Tagore v. United States of America No. 12-20214 (5th Cir. November 13, 2013).
This is a religious freedom case which, even though the case deals with federal agency compliance, the analysis is helpful for local government RLUIPA and TxRFRA land use matters.
Plaintiff Tagore (“Tagore”) was refused permission to wear a kirpan (a Sikh ceremonial sword) with a blade long enough to be considered a “dangerous weapon” under federal law inside the federal building where she worked for the Internal Revenue Service (“IRS”). Tagore sued the United States and various federal agencies and employees, alleging violations of her religious rights. The trial court granted the defendants’ summary judgment and Tagore appealed. The 5th Circuit reversed and remanded her for further development of evidence concerning the government’s compelling interest in enforcing against this plaintiff (and yes the opinion actually underlined the emphasis).
In April 2005, Tagore participated in an Amrit Sanskar ceremony, pursuant to which she was formally initiated into the Sikh faith. Following the ceremony, Tagore began wearing the five articles of the Sikh faith, including an approximately 9- inch sword. Her supervisor advised she needed to seek a security waiver. She provided a letter from the Sikh Coalition noting the sword as a mandatory article of faith. The IRS convened a working group to try and resolve the conflict and went to some surprising lengths for accommodation; however, none were satisfactory to Tagore. Tagore did reduce the blade length to 3.5 inches in length, but it still violated security regulations. Ultimately, Tagore was terminated. She sued but the trial court ruled against her on cross-motions for summary judgment and she appealed.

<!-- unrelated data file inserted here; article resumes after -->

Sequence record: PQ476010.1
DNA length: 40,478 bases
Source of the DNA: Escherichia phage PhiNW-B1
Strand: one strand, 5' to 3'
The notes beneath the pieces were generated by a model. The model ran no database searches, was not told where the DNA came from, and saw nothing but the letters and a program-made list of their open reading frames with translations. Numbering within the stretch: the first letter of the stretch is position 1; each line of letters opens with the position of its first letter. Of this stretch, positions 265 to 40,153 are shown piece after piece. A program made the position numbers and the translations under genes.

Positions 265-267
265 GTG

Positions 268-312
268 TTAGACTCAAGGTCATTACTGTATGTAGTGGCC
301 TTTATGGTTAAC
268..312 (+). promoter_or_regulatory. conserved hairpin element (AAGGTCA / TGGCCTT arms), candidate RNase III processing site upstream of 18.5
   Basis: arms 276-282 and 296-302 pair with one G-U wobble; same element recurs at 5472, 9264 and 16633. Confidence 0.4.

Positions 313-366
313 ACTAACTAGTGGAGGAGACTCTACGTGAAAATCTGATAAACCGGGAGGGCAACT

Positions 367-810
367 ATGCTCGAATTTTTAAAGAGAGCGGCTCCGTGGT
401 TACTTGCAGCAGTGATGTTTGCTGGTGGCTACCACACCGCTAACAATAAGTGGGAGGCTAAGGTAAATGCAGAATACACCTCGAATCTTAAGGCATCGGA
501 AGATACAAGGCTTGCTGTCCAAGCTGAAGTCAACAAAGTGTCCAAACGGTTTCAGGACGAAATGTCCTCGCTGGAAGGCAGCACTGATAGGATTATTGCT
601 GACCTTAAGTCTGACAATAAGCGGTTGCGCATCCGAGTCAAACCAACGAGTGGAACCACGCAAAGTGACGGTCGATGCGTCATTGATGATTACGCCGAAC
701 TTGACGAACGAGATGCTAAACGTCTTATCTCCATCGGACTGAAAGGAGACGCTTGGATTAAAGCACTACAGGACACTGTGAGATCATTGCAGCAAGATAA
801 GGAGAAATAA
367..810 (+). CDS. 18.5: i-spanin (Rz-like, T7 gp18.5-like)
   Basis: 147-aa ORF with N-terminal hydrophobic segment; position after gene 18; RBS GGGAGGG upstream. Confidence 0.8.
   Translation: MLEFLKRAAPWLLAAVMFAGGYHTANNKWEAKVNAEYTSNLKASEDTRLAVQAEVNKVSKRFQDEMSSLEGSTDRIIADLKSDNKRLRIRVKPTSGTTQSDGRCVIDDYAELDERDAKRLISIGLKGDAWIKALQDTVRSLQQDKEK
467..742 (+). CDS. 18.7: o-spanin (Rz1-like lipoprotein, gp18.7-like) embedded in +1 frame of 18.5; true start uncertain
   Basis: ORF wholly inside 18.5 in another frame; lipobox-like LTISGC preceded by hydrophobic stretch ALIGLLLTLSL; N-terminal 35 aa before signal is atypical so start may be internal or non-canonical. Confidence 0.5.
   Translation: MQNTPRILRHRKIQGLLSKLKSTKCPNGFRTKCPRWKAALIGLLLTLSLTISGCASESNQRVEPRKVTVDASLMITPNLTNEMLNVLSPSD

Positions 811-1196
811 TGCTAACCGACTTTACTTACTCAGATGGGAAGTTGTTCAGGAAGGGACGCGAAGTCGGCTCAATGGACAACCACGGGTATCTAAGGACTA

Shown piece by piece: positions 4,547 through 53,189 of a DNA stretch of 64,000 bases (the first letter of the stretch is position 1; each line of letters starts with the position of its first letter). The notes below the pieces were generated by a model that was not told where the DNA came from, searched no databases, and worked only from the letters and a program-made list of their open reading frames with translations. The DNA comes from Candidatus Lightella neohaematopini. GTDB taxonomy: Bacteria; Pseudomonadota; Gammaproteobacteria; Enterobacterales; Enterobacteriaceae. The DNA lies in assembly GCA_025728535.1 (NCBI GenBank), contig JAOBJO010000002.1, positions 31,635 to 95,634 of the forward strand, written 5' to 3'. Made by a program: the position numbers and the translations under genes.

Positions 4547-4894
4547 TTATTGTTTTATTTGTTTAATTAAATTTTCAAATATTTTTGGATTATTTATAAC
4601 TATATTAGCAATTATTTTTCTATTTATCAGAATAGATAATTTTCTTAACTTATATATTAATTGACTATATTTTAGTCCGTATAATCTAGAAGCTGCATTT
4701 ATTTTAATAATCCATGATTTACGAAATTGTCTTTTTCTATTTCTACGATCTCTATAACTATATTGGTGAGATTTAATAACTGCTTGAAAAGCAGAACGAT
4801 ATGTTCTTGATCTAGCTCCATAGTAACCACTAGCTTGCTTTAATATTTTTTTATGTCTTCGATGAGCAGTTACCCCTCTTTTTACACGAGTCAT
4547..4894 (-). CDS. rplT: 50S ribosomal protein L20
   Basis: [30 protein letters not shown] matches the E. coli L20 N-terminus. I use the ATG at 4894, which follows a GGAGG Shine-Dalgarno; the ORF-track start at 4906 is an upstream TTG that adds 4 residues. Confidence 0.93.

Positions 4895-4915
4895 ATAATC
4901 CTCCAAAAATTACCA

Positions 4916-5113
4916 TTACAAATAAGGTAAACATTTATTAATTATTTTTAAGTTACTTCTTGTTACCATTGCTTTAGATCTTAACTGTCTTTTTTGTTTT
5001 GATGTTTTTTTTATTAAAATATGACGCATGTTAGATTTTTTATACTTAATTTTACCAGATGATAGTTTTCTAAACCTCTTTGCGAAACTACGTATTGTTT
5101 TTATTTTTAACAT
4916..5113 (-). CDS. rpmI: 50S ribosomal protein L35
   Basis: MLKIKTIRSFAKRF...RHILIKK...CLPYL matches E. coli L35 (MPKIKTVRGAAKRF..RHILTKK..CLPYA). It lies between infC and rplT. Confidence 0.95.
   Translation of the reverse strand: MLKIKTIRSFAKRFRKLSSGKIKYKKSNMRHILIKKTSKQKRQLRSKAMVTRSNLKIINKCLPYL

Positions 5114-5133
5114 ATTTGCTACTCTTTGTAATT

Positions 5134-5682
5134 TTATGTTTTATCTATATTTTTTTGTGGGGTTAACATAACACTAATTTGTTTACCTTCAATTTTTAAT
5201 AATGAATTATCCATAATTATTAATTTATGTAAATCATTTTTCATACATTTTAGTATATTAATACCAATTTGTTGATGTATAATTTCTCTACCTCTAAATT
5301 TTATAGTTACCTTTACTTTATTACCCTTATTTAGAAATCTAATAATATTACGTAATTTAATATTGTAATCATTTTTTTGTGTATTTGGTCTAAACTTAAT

On appeal, Tagore asserts that her evidence creates a genuine issue of material fact concerning the sincerity of her religious practice. The sincerity of a plaintiff’s belief in a particular religious practice is an essential part of the plaintiff’s prima facie case. The 5th Circuit held that the “sincerity” in espousing that practice is largely a matter of individual credibility. As a result, she provided sufficient evidence to create a fact question on her sincerity. Further, while protecting federal buildings is a compelling interest, the law requires government to explain how applying the statutory burden “to the person” whose sincere exercise of religion is being seriously impaired furthers the compelling governmental interest. The evidence established that regulations could be excepted and had in the past to allow for Kirpans in other federal buildings, so the matter needed to be remanded for consideration of Tagore’s specific circumstances. The Title VII analysis centered on the fact that other agencies control security regulations, not the IRS (so it could not be deemed legally responsible) and the IRS proved its affirmative defense that it could not accommodate her without undue hardship. Costly accommodations would place the religious practitioner in a more favorable position, at the employer’s expense, than her coworkers. Further, more than de minimus adjustments could require coworkers unfairly to perform extra work to accommodate the plaintiff. As a result, the trial court did not error in dismissing the Title VII claims. So, the religious freedom RFRA claims were remanded and the Title VII claims were dismissed.
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